Epidemiological and clinical aspects of urinary tract infection in community-dwelling elderly women - Abstract

BACKGROUND: Urinary tract infections (UTIs) in elderly patients can be a complex problem in terms of approach to diagnosis, treatment, and prevention, because the patients often present nonspecific symptoms.

The epidemiological and clinical characteristics of UTI in elderly women were studied, in order to make early diagnosis and prevent serious clinical complications secondary to UTI.

METHODS: This was a prospective population-based study, with elderly women, during their first medical office visit. Medical records were obtained by clinical history and physical examination in order to detect signs and symptoms of UTI and the presence of co-morbidities. Clean-catch midstream urine specimens for urinary dipstick test, sediment, and culture were collected; cervical samples for conventional Pap smears were also collected.

RESULTS: UTI was found in 16.55% of elderly women. The most frequent urinary symptom was foul smelling urine, in 60.6%. E. coli was responsible for 98 (76.56%) cases of significant bacteriuria; 34 (34.69%) were resistant to trimethoprim-sulfamethoxazole, and 21 (21.42%) to fluoroquinolones. Asymptomatic bacteriuria (AB) was not treated. The presence of predisposing factors demonstrated that the history of previous UTI (p < 0.001), vaginitis (p < 0.001), and diabetes (p = 0.042) increased the risk for UTI.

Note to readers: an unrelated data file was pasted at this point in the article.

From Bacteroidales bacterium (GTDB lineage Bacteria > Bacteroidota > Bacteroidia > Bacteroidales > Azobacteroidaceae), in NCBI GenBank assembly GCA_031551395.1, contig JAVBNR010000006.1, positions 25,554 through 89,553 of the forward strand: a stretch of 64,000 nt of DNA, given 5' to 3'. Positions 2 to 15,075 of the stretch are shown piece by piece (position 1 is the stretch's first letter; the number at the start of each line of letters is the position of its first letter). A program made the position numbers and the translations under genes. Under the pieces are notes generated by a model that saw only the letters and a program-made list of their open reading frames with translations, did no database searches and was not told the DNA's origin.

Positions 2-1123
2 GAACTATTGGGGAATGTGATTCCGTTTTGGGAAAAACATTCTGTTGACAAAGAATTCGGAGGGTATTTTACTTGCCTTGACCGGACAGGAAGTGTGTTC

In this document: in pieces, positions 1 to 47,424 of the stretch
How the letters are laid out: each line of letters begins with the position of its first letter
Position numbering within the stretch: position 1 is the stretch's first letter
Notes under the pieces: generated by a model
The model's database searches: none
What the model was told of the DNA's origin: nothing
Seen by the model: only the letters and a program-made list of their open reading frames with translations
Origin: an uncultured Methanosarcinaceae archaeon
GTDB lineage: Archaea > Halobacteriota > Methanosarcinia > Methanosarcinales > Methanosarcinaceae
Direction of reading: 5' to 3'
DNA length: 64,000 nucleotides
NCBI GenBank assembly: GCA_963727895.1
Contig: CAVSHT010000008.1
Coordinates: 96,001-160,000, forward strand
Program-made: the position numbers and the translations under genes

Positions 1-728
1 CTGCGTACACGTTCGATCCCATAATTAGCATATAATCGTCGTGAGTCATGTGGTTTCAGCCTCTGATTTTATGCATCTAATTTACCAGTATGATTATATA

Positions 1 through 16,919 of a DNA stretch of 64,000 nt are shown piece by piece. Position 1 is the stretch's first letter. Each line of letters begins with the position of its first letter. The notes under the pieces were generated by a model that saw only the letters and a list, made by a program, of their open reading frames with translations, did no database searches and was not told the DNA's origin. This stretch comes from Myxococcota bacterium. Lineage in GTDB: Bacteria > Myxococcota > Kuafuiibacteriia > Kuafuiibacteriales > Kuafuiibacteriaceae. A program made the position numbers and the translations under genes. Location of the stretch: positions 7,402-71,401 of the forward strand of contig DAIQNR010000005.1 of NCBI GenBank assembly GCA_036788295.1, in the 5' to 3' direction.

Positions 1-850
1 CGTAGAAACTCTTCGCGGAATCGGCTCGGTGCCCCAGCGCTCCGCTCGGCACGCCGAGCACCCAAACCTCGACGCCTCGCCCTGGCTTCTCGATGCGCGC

CONCLUSION: This study confirmed the high prevalence of UTI among elderly women and its unusual clinical presentation. Diabetes, history of previous UTI, and vaginitis were shown to be predisposing factors for UTI; it is not necessary to treat AB in elderly women, even among diabetics.

Written by:
Marques LP, Flores JT, Barros Junior Ode O, Rodrigues GB, Mourão Cde M, Moreira RM.   Are you the author?
Hospital Universitário Gaffrèe e Guinle, Department of Medicine, Universidade Federal do Rio de Janeiro, Rio de Janeiro, RJ, Brazil.

Reference: Braz J Infect Dis. 2012 Sep-Oct;16(5):436-41.
doi: 10.1016/j.bjid.2012.06.025

PubMed Abstract
PMID: 22975174

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